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Q:

3/31/2017
My colleagues and I have several patients that are currently on both allergen immunotherapy injections and omalizumab for allergic asthma. Typically, these patients are moderate to severe asthmatics initially started on omalizumab who did improve, but still had considerable symptoms. As far as I know, there is no data to support the concomitant use of omalizumab and immunotherapy for asthma. However, there is evidence that this combination does benefit patients with allergic rhinitis over monotherapy alone.

Several of our patients have been doing quite well over the past few years, but my colleagues and I have started to wonder when and how we can discontinue the omalizumab (of the two therapies, omalizumab might be the best candidate for discontinuation given its cost). We are concerned, as experts have warned, that patients will be at risk for systemic allergic reactions if we discontinue the anti-IgE therapy and maintain the current dose of allergen immunotherapy.

Do you have any advice for us as far as how to handle this? One thought was that you can decrease the dose by a dilution after you stop the omalizumab, and then gradually build the patient up over a few months to the typical maintenance dose.

A:

Thank you for the question. We sought the expert answer from Dr. Thomas Casale below.

Below are three references that in part address this issue. There have been no double-blind, placebo-controlled trials to examine the added efficacy and safety of omalizumab plus allergen immunotherapy. The Massanari study does show that pretreatment with omalizumab imparts safety to allergen immunotherapy in patients with asthma. The other two studies are open label studies not controlled but do show added safety and efficacy of the combination. My personal opinion is that the omalizumab should be given for 8 to 16 weeks to make sure that asthma is under reasonable control before starting allergen immunotherapy. There are no data to show if you can stop the omalizumab treatment once a patient reaches maintenance immunotherapy. Again, my opinion would be to continue both.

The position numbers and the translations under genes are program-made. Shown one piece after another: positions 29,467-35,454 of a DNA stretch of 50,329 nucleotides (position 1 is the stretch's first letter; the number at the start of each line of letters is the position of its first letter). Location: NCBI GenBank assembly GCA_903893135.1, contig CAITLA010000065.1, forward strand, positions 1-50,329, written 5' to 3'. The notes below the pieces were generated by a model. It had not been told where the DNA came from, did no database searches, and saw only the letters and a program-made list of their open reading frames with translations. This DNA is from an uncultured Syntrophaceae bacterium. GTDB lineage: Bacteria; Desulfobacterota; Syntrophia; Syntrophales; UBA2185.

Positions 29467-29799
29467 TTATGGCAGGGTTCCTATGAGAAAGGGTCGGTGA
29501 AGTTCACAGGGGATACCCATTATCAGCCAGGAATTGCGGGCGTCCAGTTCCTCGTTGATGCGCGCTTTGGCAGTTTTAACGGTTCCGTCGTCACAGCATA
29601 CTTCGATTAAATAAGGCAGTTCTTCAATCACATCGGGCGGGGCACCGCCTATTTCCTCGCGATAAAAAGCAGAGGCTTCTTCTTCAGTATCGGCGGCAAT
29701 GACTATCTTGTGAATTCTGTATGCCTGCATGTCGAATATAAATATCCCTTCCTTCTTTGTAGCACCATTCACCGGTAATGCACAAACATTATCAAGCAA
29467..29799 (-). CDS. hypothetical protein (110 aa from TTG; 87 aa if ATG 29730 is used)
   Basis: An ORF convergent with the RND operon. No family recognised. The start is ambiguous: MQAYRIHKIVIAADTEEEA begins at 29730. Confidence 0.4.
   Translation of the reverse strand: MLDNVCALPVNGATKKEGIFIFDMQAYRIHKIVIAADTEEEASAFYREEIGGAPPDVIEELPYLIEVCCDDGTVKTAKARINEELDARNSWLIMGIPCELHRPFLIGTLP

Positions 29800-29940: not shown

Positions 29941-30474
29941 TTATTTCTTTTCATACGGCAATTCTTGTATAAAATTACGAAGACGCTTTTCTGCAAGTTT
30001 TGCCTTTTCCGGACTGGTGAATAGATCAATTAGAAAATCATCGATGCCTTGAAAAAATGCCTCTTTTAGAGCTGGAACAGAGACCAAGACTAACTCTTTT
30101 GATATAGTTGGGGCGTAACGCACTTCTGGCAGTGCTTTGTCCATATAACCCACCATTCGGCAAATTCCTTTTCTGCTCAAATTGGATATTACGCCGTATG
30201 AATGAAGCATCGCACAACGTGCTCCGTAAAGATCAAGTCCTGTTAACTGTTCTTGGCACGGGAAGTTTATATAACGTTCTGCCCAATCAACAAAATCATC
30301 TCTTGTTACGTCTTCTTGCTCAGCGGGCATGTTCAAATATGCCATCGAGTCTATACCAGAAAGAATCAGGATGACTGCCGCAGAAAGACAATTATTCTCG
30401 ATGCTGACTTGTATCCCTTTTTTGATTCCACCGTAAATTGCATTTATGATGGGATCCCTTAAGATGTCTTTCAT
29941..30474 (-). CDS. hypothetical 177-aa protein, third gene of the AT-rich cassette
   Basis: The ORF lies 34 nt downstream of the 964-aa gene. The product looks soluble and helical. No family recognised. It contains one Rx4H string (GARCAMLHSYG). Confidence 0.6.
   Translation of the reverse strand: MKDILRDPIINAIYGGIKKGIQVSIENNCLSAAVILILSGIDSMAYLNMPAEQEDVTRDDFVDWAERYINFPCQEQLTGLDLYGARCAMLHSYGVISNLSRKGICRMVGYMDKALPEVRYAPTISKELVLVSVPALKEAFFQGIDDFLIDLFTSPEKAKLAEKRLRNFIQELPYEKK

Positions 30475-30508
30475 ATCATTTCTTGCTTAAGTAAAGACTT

Key considerations for clinical trials of dietary interventions for primary prevention of allergy and asthma in children (pages 730–732) Bright I. Nwaru, Suvi M. Virtanen and Aziz Sheikh, Pediatric Allergy and Immunology 25 (2015) 817–837

Children with severe asthma can start allergen immunotherapy after controlling asthma with omalizumab: a case series from Poland, Iwona Stelmach1, Paweł Majak, Joanna Jerzyńska, Magdalena Bojo, Łukasz Cichalewski, Katarzyna Smejda, Arch Med Sci 2015; 11, 4: 901–904

Effect of pretreatment with omalizumab on the tolerability of specific immunotherapy in allergic asthma Marc Massanari, PharmD, Harold Nelson, MD, Thomas Casale, MD, William Busse, MD, Farid Kianifard, PhD, Gregory P. Geba, MD, MPH, and Robert K. Zeldin, MD. J Allergy Clin Immunol 2010;125:383-9.

We hope this helps.
Patricia McNally, MD, FAAAAI

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